By Anna Hazard
Besides the general layout, HVAC, and electrical systems present within the kitchen, other location wide specifications such as lighting level & placement as well as the area flooring should also be taken into consideration when it comes to aging-in-place and accessibility. This is especially true for the kitchen which has certain issues (such as the performing of more dangerous tasks in the area as well as the greater potential for spills and other messes) in addition to the more general considerations of other household rooms.
In addition, while its potential modification is often overlooked in comparison to other equipment, the kitchen sink, faucet, and basin area can be retrofitted to help prevent any future accessibility or safety issues.
The kitchen is one of the more high-use locations in the household that will require appropriate spot lighting over work areas where detailed tasks are being done (particularly as more dangerous equipment can be used in this area such as sharp knives during vegetable chopping).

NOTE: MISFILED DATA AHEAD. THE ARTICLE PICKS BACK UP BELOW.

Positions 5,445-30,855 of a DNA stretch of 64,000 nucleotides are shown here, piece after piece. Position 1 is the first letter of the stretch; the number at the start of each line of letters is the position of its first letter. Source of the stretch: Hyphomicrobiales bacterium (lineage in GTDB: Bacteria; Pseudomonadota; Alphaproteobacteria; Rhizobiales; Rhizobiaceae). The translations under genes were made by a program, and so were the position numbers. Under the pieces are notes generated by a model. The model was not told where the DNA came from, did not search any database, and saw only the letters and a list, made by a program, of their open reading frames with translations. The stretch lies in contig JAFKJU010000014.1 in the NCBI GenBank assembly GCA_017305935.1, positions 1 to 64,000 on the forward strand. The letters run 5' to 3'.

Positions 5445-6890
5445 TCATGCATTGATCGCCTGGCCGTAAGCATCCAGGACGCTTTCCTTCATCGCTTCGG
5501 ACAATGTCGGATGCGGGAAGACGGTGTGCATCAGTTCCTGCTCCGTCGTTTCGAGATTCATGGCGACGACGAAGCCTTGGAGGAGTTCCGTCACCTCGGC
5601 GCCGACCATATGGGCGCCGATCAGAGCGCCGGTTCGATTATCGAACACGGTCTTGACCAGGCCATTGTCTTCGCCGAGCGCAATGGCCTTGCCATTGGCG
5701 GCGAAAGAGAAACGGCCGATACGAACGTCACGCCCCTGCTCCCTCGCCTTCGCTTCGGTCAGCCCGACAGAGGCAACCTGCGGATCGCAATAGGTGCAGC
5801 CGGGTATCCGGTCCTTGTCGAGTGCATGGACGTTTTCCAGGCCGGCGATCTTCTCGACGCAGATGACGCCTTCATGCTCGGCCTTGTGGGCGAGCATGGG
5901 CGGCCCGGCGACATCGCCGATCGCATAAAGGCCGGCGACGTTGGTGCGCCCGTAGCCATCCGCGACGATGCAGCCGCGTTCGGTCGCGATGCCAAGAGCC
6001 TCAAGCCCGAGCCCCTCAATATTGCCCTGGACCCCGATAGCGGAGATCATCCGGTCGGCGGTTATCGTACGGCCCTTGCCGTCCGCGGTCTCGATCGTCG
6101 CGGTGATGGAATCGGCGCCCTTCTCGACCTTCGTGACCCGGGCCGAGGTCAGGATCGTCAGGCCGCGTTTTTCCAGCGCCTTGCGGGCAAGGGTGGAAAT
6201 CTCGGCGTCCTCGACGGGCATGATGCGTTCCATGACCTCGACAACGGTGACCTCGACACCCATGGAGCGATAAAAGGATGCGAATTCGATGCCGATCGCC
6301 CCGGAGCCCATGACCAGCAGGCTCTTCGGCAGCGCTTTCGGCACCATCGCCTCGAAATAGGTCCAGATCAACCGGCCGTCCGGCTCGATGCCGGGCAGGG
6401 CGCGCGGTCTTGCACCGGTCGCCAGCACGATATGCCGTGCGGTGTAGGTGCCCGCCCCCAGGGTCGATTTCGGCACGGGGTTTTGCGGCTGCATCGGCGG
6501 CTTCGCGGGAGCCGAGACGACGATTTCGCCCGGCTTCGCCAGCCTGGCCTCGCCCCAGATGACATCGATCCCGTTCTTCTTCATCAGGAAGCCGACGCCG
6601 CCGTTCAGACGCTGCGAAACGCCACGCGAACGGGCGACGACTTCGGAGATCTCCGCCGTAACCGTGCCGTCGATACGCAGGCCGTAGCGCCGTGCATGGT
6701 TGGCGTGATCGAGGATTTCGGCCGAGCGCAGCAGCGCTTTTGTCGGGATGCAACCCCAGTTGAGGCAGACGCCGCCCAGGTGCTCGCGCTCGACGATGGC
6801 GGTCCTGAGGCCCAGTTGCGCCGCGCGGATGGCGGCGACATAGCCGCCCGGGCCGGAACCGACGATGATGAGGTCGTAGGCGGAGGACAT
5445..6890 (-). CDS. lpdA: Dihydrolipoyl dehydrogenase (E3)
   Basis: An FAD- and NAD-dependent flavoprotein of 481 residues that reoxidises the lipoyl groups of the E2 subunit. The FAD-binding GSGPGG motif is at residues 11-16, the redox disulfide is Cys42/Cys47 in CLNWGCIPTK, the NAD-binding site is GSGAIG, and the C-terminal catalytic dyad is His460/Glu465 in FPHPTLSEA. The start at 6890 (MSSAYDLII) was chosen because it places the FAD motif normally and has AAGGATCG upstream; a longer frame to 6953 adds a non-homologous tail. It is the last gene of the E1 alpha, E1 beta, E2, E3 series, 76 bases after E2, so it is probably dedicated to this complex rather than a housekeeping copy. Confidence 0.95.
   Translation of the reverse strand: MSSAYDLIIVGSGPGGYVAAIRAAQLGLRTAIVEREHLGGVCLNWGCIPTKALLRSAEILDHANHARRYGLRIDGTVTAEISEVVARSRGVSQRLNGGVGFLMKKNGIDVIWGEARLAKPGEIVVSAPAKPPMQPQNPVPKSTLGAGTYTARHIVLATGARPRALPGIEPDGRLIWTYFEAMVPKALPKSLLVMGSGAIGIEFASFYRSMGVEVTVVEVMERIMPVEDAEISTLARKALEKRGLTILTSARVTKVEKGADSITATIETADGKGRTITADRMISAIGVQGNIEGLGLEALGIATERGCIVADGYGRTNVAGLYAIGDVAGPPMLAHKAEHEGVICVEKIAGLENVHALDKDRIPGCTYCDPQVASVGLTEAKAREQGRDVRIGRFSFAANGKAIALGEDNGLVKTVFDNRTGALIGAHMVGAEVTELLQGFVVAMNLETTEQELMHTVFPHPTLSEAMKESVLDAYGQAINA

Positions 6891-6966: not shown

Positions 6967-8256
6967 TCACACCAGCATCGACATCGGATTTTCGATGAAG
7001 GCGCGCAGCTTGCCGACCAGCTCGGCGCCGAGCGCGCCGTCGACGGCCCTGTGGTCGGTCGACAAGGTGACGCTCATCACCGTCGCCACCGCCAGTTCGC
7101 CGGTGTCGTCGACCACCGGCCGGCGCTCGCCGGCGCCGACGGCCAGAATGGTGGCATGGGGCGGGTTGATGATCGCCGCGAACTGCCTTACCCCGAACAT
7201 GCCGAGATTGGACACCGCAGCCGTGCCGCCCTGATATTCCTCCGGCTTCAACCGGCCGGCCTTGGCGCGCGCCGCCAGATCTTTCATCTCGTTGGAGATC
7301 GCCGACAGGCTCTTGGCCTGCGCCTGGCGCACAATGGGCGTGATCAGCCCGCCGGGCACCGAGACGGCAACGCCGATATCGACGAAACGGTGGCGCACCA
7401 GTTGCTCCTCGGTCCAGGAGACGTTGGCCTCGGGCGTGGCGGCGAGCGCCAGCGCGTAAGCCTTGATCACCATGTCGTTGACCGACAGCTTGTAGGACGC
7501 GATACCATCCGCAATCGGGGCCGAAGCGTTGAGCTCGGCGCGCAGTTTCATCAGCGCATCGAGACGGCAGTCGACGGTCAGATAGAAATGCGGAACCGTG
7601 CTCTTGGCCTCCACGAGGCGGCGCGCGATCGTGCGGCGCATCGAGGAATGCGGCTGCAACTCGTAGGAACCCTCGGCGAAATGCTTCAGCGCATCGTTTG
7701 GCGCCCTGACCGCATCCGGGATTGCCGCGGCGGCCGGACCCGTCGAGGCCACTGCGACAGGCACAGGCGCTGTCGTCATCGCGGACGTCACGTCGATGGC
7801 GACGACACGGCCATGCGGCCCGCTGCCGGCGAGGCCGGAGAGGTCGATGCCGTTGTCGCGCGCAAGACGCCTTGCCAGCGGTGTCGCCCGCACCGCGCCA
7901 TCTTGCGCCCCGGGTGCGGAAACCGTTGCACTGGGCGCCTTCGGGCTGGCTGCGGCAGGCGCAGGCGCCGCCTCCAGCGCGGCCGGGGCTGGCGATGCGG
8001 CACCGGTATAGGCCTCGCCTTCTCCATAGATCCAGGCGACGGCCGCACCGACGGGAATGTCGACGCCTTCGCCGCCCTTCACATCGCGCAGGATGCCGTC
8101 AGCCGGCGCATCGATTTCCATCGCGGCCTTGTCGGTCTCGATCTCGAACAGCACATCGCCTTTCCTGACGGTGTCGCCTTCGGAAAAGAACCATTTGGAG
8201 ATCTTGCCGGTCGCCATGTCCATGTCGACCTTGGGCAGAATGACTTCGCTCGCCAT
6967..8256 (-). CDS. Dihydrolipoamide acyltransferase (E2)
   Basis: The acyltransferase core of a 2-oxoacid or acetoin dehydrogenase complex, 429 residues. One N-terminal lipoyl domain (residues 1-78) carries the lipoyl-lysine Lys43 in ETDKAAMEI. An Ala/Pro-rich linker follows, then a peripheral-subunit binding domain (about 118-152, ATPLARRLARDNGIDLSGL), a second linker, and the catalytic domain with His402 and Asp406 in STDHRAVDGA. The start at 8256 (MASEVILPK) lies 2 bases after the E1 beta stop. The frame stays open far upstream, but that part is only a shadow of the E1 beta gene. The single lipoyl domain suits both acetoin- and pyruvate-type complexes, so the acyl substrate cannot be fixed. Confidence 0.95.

Task lighting over work surfaces such as the countertops, range & stovetop, and sink would optimally be adjustable in both brightness and direction by having the head of the light on an flexible pivot. This can take the shape of track lighting or under-cabinet lighting which can help illuminate work areas that would otherwise be left in shadow or remain too dark to safely use.
Otherwise, ambient overhead lighting using shields and diffusors over the lightbulbs in order to avoid the creation of glare is recommended for the general kitchen area. Recessed lighting within the walls is another option to the more common overhead lighting. While automatic sound, motion, or other smart technology directed lighting can be very convenient (especially when one's hands are full of dishes & other equipment), easy access to manual switches as back-up are a necessity in case of a malfunction.
Light switches should be in convenient locations near all entrances to the kitchen so that the room will never need to be traversed in the dark. The switches should not require stretching or maneuvering into an awkward corner or position to reach and should optimally be rocker-type for ease of use by those who may have arthritis or other hand dexterity issues.
For those with low vision or other visual acuity problems, full spectrum CFL lightbulbs can be installed for their increased contrast and clarity of vision. Otherwise, long lasting and energy efficient LED lightbulbs are recommended instead. Other options for bolstering the visual safety of the kitchen include installing windows or leaving already present windows unshuttered with opened curtains during the day to increase the amount of natural light in the room.